I’ve just finished reading John Gribbin’s Science: A History, which is by all accounts a very well-written and interesting book. Gribbin could have probably done with making some of his sentences a little shorter and more readable, but other than that it’s an excellent review of science and the people who discovered it, starting from five hundred years ago. I’m pleased to say that the book finally made me understand why electrons behave the way they do around atoms, by use of Heisenberg’s Uncertainty Principle.
Gribbin finishes the book off with an inspiring and tantalising passage of what we have accomplished, and what is still yet to come:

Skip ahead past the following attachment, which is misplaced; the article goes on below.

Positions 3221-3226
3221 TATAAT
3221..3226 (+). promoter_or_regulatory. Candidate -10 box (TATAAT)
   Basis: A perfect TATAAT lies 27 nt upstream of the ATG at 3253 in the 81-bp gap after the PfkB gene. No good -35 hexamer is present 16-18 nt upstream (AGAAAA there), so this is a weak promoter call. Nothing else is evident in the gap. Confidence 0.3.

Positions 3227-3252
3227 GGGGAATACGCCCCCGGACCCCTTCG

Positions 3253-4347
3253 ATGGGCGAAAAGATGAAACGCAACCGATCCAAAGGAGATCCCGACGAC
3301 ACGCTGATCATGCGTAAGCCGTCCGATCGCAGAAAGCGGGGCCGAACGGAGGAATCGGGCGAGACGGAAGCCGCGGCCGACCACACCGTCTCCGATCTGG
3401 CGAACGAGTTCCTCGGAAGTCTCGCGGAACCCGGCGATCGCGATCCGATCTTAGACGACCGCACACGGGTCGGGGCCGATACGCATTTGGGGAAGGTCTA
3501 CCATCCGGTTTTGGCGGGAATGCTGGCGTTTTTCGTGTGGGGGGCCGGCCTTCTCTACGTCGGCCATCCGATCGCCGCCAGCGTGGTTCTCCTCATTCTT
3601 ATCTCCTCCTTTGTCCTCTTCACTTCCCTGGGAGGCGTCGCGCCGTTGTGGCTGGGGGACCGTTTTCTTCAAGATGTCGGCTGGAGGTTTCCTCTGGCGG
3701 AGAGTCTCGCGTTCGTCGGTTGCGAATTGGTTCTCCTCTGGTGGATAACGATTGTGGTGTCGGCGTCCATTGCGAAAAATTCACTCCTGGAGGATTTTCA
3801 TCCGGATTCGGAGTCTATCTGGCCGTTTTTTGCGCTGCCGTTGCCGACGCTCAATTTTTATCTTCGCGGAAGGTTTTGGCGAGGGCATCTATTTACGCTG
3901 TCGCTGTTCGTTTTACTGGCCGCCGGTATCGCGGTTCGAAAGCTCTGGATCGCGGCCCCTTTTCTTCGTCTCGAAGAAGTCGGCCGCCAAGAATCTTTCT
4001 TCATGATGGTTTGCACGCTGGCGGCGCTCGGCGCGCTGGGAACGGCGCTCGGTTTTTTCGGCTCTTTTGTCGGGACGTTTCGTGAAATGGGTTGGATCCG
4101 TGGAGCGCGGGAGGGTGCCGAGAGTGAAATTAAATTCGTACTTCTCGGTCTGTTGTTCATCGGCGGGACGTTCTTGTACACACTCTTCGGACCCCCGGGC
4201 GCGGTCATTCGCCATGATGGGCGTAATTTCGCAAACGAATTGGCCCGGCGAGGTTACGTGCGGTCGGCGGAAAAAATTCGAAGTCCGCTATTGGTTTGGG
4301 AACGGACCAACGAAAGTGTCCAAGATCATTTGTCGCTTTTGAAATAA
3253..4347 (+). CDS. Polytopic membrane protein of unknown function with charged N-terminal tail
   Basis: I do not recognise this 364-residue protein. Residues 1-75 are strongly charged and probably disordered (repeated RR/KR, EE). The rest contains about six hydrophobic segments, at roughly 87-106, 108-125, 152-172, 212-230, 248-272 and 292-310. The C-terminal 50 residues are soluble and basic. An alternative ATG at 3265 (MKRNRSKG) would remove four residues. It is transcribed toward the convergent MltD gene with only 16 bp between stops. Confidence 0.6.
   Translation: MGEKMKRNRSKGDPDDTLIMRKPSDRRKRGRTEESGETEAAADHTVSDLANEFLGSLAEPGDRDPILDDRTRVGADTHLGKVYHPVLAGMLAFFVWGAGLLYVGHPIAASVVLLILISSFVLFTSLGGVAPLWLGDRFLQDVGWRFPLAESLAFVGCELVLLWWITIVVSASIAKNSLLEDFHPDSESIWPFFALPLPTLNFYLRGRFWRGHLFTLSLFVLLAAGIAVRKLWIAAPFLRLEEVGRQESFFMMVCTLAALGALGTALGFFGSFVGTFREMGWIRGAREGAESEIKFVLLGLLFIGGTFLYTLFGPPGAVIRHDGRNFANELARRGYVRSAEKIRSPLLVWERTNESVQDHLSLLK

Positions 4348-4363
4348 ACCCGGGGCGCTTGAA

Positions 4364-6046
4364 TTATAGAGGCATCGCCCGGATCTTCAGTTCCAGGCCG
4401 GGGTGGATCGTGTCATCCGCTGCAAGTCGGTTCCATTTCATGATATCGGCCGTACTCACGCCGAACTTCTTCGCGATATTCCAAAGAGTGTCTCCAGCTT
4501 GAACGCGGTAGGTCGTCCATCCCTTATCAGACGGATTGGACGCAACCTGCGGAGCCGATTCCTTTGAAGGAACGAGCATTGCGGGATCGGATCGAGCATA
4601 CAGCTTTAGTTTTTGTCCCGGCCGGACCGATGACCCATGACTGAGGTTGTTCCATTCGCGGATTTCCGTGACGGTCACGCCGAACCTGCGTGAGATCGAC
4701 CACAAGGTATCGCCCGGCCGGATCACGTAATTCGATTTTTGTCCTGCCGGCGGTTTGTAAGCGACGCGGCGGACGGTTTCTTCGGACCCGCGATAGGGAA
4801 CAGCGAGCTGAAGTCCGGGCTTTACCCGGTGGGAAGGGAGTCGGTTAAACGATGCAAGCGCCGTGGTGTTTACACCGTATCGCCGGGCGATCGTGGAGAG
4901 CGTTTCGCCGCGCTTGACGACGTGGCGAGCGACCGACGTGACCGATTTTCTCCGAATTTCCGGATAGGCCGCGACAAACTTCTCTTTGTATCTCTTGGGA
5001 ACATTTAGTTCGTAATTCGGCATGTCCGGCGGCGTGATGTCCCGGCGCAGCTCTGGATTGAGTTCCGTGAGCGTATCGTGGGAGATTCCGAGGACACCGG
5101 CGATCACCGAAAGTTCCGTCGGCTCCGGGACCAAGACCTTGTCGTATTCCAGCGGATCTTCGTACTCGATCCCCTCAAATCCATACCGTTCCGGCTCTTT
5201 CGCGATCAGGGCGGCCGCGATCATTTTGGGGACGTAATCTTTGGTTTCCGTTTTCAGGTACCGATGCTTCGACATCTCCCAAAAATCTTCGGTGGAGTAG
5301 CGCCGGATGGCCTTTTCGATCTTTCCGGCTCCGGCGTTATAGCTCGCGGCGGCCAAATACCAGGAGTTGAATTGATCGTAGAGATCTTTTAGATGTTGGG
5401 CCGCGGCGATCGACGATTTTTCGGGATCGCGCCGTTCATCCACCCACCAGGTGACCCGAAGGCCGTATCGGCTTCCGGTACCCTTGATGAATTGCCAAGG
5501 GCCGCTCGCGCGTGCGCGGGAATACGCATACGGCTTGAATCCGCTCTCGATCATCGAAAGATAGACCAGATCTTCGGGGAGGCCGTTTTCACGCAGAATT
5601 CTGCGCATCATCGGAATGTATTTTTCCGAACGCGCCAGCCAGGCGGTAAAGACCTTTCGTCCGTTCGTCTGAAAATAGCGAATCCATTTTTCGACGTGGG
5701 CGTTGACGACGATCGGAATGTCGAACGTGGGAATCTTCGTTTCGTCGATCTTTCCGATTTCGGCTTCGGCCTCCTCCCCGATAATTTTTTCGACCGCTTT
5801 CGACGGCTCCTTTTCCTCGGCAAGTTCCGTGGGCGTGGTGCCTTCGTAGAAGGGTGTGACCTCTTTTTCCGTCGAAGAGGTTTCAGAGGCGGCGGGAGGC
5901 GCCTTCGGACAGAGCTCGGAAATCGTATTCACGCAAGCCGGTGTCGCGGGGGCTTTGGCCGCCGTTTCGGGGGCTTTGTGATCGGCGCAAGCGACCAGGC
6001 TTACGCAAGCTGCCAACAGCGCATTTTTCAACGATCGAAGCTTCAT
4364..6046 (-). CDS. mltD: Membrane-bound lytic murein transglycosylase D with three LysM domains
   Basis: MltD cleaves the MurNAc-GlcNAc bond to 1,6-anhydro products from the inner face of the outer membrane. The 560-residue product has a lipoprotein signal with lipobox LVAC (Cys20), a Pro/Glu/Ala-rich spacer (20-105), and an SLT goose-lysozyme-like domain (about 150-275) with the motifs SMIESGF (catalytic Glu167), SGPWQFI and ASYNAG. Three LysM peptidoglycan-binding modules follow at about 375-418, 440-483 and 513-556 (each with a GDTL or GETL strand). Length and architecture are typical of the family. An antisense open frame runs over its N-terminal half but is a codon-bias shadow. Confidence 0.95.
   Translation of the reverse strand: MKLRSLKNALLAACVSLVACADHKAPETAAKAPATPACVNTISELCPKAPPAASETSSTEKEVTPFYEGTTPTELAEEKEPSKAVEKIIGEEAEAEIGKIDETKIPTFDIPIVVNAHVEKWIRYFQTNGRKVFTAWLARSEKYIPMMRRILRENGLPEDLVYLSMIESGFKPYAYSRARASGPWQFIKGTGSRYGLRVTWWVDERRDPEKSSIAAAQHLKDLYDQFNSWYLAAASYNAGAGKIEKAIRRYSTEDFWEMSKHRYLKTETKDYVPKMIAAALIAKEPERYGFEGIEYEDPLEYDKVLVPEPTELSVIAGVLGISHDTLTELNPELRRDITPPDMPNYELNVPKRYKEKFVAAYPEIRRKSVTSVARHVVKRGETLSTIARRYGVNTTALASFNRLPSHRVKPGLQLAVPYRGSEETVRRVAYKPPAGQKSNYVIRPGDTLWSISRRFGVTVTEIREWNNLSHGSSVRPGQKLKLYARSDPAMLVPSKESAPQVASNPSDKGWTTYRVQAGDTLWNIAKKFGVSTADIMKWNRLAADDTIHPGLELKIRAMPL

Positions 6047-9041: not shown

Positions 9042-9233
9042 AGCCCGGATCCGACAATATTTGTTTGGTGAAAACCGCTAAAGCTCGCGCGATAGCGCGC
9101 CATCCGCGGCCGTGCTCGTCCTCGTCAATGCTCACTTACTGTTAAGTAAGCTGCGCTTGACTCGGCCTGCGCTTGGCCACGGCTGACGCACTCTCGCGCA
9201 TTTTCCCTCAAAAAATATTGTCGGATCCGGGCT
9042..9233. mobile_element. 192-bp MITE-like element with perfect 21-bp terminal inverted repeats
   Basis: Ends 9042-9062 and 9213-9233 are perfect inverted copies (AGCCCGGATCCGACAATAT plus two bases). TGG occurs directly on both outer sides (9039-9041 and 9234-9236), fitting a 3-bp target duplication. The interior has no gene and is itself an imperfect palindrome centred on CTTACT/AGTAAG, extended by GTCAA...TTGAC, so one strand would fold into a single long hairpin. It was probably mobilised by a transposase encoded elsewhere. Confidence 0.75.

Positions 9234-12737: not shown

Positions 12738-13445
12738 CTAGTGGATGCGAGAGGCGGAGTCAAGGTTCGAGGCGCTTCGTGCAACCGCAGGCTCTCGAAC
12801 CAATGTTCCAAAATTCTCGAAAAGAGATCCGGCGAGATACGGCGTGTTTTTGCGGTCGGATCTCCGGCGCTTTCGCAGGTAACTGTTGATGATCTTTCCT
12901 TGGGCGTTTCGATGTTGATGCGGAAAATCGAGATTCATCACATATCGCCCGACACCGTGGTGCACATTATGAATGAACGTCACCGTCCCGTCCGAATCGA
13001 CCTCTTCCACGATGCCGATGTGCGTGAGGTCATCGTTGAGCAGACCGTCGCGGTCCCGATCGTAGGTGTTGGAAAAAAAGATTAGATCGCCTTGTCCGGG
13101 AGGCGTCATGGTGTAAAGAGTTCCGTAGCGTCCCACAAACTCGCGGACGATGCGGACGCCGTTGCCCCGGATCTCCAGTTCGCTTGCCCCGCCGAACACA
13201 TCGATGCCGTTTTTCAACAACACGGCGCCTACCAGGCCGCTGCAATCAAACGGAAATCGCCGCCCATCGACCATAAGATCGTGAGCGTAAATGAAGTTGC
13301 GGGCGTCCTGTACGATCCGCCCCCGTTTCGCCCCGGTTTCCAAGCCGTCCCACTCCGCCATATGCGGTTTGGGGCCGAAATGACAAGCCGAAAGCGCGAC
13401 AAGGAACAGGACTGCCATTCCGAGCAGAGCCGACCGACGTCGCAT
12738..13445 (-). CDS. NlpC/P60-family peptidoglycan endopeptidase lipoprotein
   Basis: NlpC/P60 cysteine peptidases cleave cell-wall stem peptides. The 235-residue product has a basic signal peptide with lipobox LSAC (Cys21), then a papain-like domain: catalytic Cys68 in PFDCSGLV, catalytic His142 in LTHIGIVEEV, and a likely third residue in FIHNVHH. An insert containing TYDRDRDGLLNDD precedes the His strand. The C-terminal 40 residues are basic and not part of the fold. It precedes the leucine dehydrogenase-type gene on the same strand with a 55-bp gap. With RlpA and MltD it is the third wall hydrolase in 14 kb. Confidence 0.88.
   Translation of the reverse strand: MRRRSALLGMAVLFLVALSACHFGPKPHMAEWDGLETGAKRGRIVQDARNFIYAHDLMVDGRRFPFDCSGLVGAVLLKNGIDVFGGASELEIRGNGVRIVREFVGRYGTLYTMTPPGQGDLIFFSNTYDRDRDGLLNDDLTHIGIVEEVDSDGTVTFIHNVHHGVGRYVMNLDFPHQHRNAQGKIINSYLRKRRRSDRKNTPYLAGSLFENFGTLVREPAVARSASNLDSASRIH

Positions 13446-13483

But do these discoveries mean, as some have suggested, that science is about to come to an end? Now that we know how life and the Universe work, is there anything left except to fill in the details? I believe that there is. Even filling in the details will be a long job, but science itself is now undergoing a qualitative change. The analogy I have used before, but which I cannot improve upon, is with the game of chess. A small child can learn the rules of the game – even the complicated rules like the knight’s move. but that does not make the child a grandmaster, and even the greatest grandmaster who ever lived would not claim to know everything there is to know about the game of chess. Four and a half centuries after the publication of De Revolutionibus, we are in the situation of that small child who has just learned the rules of the game. We are just beginning to make our first attempts to play the game, with developments such as genetic engineering and artificial intelligence. Who knows what the next five centuries, let along the next five millennia, might bring.